A woman who killed a seven-year-old girl by stabbing her in a Bolton park on Mother's Day has lost an appeal against her sentence.
Eltiona Skana attacked Emily Jones while she played on her scooter in Queen's Park, in 2020.
The 31-year-old admitted manslaughter by diminished responsibility and was given a life sentence with a minimum term of ten years and eight months.
The minimum tariff was increased from eight years last year after the sentencing judge, Mr Justice Wall, admitted he had made an error in calculating the term.
Lawyers for Skana, who is originally from Albania and has paranoid schizophrenia, appealed against the length of the sentence - arguing the minimum term was too long and that the judge should only have given her a hospital order.
She appeared over video link at the Royal Courts of Justice today with her hair pulled back, wearing a grey t-shirt with a star motif and assisted by a translator.
Emily’s father Mark Jones also observed the hearing over video link but was not invited to make any submissions.
The court heard Emily was in Queen's Park with her dad on her scooter on 22 March, 2020 when she spotted her mum Sarah Barnes out jogging.
She was calling out to her mother as she scooted past the park bench where Skana was sitting alone, armed with a craft knife.
Skana got up, grabbed Emily and cut her throat before running off.
Lady Justice Macur, Mr Justice Sweeney and Mr Justice Morris dismissed an appeal against the sentence by Skana’s barrister Simon Csoka QC.
Mr Csoka told the court none of the three psychiatrists who gave evidence at the trial have been told by Skana what she was experiencing during the psychotic episode or why she chose to attack Emily.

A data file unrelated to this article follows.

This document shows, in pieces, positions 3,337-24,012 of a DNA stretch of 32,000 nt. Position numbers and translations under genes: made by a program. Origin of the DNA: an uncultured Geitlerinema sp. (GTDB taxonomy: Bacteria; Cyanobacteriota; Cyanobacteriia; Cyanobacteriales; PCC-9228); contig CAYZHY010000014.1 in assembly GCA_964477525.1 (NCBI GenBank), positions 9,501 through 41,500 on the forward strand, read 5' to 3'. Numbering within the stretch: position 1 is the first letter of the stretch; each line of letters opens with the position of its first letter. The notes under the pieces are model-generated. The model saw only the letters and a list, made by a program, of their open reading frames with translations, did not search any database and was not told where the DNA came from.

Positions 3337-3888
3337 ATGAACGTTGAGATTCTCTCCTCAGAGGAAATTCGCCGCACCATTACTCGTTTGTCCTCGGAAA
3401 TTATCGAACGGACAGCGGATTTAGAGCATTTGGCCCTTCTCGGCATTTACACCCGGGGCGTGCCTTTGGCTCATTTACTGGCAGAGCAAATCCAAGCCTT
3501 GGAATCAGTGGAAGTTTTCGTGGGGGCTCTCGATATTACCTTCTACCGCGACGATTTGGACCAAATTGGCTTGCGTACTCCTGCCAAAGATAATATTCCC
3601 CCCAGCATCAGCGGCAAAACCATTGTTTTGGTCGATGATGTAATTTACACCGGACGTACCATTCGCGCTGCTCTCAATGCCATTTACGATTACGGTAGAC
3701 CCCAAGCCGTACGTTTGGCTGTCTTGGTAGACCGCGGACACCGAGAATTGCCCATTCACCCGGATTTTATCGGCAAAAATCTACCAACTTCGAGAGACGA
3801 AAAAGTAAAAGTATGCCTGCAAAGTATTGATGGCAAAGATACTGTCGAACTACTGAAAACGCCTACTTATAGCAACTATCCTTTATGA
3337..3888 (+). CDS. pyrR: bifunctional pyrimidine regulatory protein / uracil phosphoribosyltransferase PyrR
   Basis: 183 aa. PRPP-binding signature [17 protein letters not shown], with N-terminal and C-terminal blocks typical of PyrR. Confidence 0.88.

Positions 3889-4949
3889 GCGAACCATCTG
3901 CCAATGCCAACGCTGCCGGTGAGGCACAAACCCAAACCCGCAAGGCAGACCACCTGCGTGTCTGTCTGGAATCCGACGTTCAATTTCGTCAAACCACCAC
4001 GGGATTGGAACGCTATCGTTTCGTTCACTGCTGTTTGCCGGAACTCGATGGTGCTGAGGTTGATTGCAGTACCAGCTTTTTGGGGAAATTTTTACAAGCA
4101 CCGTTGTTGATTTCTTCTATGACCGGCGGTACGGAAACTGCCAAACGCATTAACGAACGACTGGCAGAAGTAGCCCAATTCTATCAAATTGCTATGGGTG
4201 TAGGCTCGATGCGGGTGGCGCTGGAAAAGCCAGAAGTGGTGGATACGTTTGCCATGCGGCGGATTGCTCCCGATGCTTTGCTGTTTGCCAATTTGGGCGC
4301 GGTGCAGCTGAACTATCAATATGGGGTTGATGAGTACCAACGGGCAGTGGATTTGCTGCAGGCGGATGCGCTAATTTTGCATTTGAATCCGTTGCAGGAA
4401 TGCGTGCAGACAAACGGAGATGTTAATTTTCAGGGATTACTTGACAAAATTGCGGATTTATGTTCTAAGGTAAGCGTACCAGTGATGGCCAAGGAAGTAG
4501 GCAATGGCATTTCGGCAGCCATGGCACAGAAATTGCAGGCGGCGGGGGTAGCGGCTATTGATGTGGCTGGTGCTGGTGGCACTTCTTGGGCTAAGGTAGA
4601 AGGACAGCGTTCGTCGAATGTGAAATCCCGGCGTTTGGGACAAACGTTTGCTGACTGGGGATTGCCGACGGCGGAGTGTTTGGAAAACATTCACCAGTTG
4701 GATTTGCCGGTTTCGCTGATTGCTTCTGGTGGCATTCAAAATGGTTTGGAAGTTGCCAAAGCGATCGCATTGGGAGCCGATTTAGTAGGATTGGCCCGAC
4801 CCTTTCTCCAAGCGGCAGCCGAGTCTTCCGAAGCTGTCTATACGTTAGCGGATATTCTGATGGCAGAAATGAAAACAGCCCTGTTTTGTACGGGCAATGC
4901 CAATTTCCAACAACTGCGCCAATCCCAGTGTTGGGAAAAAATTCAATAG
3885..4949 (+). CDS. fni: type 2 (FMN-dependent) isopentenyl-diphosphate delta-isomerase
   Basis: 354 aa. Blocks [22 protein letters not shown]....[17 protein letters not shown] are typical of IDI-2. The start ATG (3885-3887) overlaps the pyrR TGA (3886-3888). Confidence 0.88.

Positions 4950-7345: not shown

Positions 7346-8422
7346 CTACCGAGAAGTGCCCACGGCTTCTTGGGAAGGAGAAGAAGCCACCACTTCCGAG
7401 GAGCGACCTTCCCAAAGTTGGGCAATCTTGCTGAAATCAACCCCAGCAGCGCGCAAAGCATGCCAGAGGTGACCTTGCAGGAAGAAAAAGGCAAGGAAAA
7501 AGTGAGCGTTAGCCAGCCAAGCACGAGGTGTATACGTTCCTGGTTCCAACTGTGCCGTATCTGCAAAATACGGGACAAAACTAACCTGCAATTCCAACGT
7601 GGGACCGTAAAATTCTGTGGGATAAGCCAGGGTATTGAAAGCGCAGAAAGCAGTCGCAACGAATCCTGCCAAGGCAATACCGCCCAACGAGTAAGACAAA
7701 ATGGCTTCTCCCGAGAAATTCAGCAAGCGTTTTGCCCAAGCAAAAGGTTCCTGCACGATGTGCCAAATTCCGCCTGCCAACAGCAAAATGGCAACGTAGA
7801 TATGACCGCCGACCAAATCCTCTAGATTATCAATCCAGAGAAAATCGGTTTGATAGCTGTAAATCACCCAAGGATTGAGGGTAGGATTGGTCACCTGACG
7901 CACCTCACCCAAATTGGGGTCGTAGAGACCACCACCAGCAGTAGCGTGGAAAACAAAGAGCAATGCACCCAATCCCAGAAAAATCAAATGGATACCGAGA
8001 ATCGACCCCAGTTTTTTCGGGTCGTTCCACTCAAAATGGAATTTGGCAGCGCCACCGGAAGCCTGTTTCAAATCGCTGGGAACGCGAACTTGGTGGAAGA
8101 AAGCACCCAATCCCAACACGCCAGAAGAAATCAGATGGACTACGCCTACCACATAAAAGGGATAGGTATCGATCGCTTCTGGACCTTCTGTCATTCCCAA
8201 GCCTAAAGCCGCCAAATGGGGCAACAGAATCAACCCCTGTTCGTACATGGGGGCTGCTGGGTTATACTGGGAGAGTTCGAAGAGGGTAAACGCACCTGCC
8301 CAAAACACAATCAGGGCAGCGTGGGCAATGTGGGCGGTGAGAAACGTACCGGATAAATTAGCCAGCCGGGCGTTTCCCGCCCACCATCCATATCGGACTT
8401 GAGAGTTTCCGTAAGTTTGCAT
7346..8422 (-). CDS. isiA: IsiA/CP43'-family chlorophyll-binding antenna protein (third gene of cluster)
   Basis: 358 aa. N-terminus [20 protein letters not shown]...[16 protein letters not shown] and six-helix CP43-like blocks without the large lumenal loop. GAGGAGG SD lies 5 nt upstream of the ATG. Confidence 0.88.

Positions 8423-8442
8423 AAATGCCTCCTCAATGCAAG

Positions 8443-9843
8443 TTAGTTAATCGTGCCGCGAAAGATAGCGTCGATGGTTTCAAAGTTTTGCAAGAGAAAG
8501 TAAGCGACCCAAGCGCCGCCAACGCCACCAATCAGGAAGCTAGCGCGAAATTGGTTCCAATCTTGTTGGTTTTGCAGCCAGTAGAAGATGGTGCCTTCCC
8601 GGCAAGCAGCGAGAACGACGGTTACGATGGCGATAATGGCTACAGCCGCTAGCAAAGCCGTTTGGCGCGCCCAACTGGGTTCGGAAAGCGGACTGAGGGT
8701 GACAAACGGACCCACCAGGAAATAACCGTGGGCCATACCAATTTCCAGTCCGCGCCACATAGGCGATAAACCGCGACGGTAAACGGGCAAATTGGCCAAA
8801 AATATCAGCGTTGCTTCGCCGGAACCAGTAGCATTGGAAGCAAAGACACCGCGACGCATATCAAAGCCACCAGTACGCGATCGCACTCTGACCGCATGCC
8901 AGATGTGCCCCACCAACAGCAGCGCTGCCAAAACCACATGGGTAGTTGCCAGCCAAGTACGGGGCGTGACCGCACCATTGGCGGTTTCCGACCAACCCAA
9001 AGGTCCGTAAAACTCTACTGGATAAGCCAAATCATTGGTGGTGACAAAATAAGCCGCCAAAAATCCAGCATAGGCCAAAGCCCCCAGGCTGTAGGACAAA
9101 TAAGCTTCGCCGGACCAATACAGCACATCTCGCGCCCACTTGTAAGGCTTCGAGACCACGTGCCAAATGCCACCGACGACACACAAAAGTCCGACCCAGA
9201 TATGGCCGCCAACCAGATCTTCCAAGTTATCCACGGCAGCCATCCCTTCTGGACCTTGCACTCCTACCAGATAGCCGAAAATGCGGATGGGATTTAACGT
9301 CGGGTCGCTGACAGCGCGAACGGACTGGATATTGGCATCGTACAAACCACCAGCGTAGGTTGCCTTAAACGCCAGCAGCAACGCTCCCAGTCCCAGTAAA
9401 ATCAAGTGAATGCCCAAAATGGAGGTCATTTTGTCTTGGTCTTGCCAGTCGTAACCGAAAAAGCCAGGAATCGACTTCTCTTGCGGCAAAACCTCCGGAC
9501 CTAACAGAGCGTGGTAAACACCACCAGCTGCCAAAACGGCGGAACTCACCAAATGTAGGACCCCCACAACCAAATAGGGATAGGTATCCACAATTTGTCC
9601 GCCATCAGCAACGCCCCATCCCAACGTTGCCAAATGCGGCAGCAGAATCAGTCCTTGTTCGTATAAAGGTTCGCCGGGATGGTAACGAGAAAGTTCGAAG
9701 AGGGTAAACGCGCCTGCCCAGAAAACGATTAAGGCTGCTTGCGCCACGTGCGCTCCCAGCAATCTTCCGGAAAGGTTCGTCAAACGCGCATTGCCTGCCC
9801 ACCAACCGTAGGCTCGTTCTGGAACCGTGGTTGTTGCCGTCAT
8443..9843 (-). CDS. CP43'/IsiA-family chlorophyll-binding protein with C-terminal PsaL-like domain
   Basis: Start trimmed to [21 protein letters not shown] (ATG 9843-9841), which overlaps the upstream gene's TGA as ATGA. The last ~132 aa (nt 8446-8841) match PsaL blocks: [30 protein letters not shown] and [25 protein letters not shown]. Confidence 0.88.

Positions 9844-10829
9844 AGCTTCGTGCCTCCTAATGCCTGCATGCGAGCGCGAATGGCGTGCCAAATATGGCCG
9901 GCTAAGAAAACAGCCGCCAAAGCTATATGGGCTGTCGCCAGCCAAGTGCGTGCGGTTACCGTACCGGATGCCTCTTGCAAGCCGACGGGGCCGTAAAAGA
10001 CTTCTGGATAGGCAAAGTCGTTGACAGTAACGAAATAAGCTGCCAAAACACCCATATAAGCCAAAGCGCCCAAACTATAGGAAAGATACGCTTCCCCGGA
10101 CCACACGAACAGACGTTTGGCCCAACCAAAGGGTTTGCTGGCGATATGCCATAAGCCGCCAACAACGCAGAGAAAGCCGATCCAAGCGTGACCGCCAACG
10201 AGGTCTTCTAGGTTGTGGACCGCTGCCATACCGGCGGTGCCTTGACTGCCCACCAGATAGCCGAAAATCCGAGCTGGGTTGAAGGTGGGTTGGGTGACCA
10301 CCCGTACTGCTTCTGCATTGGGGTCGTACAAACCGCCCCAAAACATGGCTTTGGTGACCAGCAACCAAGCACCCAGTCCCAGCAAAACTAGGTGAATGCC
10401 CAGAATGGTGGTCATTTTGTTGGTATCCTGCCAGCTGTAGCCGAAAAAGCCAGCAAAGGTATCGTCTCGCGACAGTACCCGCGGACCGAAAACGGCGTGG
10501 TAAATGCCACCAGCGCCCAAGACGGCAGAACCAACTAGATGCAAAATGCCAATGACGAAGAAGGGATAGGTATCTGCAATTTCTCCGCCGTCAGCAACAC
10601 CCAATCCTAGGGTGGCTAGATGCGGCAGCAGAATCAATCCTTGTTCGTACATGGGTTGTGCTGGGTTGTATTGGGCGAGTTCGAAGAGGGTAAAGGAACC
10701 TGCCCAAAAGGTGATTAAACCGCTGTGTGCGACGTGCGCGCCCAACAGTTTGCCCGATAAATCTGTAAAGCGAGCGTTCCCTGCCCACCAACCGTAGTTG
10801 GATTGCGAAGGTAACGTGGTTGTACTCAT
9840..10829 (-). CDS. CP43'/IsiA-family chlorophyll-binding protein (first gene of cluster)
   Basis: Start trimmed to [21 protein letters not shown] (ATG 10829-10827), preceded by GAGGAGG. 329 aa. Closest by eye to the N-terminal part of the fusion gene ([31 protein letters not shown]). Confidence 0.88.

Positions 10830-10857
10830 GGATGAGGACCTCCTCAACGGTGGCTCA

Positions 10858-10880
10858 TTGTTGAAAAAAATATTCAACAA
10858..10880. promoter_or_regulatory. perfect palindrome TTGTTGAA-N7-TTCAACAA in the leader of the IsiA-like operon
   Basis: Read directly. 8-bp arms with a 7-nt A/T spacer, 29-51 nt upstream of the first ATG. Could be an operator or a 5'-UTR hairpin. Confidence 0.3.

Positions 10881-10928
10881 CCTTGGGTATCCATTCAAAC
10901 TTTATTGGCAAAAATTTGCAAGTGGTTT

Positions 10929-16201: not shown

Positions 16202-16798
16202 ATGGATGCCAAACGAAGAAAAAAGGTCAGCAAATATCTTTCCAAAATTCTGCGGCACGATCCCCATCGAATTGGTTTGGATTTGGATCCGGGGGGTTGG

He said: “To carry out the act in a busy park on a Sunday is, in itself, evidence of some deluded reality that is playing out entirely in Ms Skana’s mind and then tragically playing out in the real world.”
Lady Macur admitted the sentencing judge had a “difficult exercise” but the court accepted his original decisions.
She said the judge had “sufficient evidence” to find Skana “knew that what she did was wrong and attempted to escape detection and escape the scene”.
She said: “Not only must the judge bear in mind the most chilling aspects and most tragic outcome of the circumstances of the 22nd March 2020 - but also the difficulties presented by the ability of the defendant suffering from such a mental illness.
“We consider that the judge bore in mind all responsibilities to the sentencing exercise that he must conduct and did so in a fashion that is to be commended.
“We accept the sentence was severe but we regard it to be in line with the circumstances of the case as a whole.”
She added that the family have faced “trauma and tragedy” following Emily’s death.
“We express deepest sympathies for Emily’s loss. Words cannot adequately encompass the grief that her family and friends have been subject to”, she said.
Speaking during Skana’s sentencing, Emily’s parents said: "Emily was the beat in our hearts, the spring in our step and the reason we got up every morning.
“Emily was our beautiful, spirited little girl, a bundle of energy with an infectious personality.
“Our future has also been taken away -how can you enjoy life when the biggest part of it isn't there any more?
“We cannot move on, because at this time, we cannot see a future. We can only focus on today. It is literally one day at a time."
Skana is being held at Rampton Hospital, a secure psychiatric facility in Nottinghamshire. She could be transferred to a prison if her condition improves.